As fire departments have an increasingly difficult time attracting and retaining paid-on-call firefighters, cities like Hopkins are considering a transition into a full-time staffing model.
“Throughout the state and the country, we’re having a harder and harder time finding people that want to be paid-on-call firefighters,” said Hopkins Fire Chief Dale Specken, who recently presented a 2018-23 strategic plan to the city council.
Currently, Hopkins has 34 paid-on-call firefighters, with the capacity to have up to 41 paid-on-call firefighters, in addition to four full-time staff members (two staffed 8 a.m. to 4 p.m. Monday through Friday). Specken, who has been on the department since 1981 and fire chief since 2005, hasn’t seen that number exceed 36 for paid-on-call.
While the department used to receive 30 to 40 applicants during a month-long recruitment, only 12 applicants applied this year, one of which was hired, Specken said, noting they even extended the recruitment to four months.
“It’s the sign of the times,” he said.
Specken attributes this to a multitude of reasons, including a low unemployment rate and people’s desire for a flexible schedule.
In order to be eligible for the paid-on-call model, one must also live within 8 minutes of the station. Higher-priced housing in Hopkins limits the number of younger people as potential candidates, Specken explained.
The concept of service and volunteering has also shifted, despite a brief uptick after 9/11, Specken said, and people want to schedule their time without adhering to a pager.
“Thirty years ago, that’s what people did – they volunteered for their city, and we’re not seeing that anymore,” said Specken. “If we could figure out how to put fires out with a video game controller, we’d have people knocking down our doors.”
Competition is another contributing factor as surrounding cities like Eden Prairie and Minnetonka use a more flexible, duty crew model, in which paid-on-call firefighters staff the department 24-7, but in shorter shifts that provide greater alignment with their schedules, Specken explained.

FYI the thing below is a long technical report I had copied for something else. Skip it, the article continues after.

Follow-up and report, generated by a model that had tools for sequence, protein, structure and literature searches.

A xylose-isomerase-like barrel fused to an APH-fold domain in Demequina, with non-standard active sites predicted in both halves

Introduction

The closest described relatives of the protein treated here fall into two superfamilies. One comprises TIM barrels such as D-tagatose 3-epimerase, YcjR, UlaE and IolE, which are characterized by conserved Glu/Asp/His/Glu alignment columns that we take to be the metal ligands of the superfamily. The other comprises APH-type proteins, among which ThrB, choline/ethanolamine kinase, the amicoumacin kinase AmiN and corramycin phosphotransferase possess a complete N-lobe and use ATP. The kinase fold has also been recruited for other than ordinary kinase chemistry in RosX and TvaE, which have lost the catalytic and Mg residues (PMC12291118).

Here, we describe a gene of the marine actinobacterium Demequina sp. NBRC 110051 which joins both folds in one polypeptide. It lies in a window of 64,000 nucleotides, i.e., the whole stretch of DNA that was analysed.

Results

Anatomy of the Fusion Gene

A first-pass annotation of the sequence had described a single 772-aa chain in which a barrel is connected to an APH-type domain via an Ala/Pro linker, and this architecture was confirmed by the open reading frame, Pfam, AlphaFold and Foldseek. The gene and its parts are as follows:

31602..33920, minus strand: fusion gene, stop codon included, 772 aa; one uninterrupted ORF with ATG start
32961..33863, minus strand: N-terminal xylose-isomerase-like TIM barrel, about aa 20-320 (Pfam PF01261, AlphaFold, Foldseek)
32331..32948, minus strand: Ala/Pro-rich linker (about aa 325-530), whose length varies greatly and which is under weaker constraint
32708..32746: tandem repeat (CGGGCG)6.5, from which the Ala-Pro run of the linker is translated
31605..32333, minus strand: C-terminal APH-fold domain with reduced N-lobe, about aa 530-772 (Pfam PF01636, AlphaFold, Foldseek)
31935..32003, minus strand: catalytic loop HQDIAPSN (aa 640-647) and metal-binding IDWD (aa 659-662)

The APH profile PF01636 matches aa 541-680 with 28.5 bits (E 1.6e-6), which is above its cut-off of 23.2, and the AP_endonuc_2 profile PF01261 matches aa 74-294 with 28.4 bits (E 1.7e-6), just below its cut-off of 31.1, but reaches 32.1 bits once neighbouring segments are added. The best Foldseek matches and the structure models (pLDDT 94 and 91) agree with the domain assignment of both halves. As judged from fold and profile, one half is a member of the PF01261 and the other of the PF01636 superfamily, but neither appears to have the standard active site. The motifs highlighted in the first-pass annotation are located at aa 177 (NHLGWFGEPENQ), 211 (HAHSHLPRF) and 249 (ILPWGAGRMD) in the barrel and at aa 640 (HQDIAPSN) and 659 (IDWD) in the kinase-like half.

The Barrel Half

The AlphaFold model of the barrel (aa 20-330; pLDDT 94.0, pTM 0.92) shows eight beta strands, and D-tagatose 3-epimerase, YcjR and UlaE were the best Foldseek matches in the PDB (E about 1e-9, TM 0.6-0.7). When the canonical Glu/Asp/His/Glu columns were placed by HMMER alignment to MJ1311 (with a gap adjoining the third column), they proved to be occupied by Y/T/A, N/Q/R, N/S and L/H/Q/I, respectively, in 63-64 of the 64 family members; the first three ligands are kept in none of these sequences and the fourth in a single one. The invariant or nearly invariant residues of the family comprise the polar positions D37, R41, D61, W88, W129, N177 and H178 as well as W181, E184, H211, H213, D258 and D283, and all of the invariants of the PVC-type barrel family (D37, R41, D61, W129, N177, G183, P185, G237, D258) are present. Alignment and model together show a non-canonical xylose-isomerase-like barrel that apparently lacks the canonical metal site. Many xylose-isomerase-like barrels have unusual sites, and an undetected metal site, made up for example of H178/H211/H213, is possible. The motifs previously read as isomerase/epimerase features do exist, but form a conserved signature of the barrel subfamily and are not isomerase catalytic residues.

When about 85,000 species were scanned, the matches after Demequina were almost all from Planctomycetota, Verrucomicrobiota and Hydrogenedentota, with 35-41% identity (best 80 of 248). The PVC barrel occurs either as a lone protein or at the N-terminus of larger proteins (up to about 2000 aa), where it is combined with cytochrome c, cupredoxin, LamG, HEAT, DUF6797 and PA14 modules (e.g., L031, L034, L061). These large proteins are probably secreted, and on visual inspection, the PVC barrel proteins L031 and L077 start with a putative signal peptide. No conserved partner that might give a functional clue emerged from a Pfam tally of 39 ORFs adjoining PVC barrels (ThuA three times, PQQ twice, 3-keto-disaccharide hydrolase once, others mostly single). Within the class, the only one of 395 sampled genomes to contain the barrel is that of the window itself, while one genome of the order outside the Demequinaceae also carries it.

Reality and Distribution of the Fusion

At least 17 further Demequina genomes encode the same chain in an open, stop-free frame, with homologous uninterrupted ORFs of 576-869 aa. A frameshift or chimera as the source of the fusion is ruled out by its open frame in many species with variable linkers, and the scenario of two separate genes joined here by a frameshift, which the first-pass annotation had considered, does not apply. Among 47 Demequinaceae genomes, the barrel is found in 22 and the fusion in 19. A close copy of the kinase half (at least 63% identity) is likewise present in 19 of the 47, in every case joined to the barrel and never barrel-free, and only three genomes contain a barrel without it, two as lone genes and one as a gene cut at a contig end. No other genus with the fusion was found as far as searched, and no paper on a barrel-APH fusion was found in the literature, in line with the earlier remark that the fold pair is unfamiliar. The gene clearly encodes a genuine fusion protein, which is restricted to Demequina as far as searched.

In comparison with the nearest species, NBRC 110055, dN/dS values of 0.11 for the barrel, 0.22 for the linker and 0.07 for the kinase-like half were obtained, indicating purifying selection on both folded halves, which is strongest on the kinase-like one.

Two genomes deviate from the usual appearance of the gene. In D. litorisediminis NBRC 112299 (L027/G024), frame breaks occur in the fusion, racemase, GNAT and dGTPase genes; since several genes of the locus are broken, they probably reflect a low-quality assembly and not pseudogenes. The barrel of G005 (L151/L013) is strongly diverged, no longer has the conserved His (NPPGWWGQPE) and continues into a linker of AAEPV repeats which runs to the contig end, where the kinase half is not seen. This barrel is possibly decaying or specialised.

It is not realistic for Hopkins to have a duty crew model, Specken said, noting the department would need as many as 60 to 70 paid-on-call firefighters or require 12 to 14 shifts a month at the current staffing level.
“We looked into it, but we think it would just tax our paid-on-calls,” he said.
While the city maintains a 4-minute response time and has upgraded its public protection classification, a tool developed by the Insurance Services Office to help insurance companies measure the risk of fire losses in a community, Specken’s concern is the increasing difficulty to hire replacements.
He proposes the city transition into a full-time model with 24-7 staffing of the fire station, with the goal of hiring eight additional full-time firefighters by 2027-2028 and supplementing with 12 to 16 paid-on-call firefighters.
The plan recommends the council hire two full-time firefighters per year starting in 2023, at an estimated total cost of $100,000 per year.
Specken said the department could begin the process as soon as 2020 if it’s successful in obtaining a federal grant, which would help cover the cost of four full-time staff for three years. After that, the city would be responsible for maintaining those positions within its annual budget, he noted.
Mayor Jason Gadd said city leaders have been aware of the recruitment struggle of the fire department for the past few years.
“Many departments around the state have been in the same situation and by starting to look strategically long term, we are beginning to understand the impact and options of how we will be able to continue providing not only the fire protection for our residents and businesses, but all the community engagement and community health programs supported by the Hopkins Fire Department,” Gadd said. “This will help guide us to what the look will be of the future staffing of the department.”
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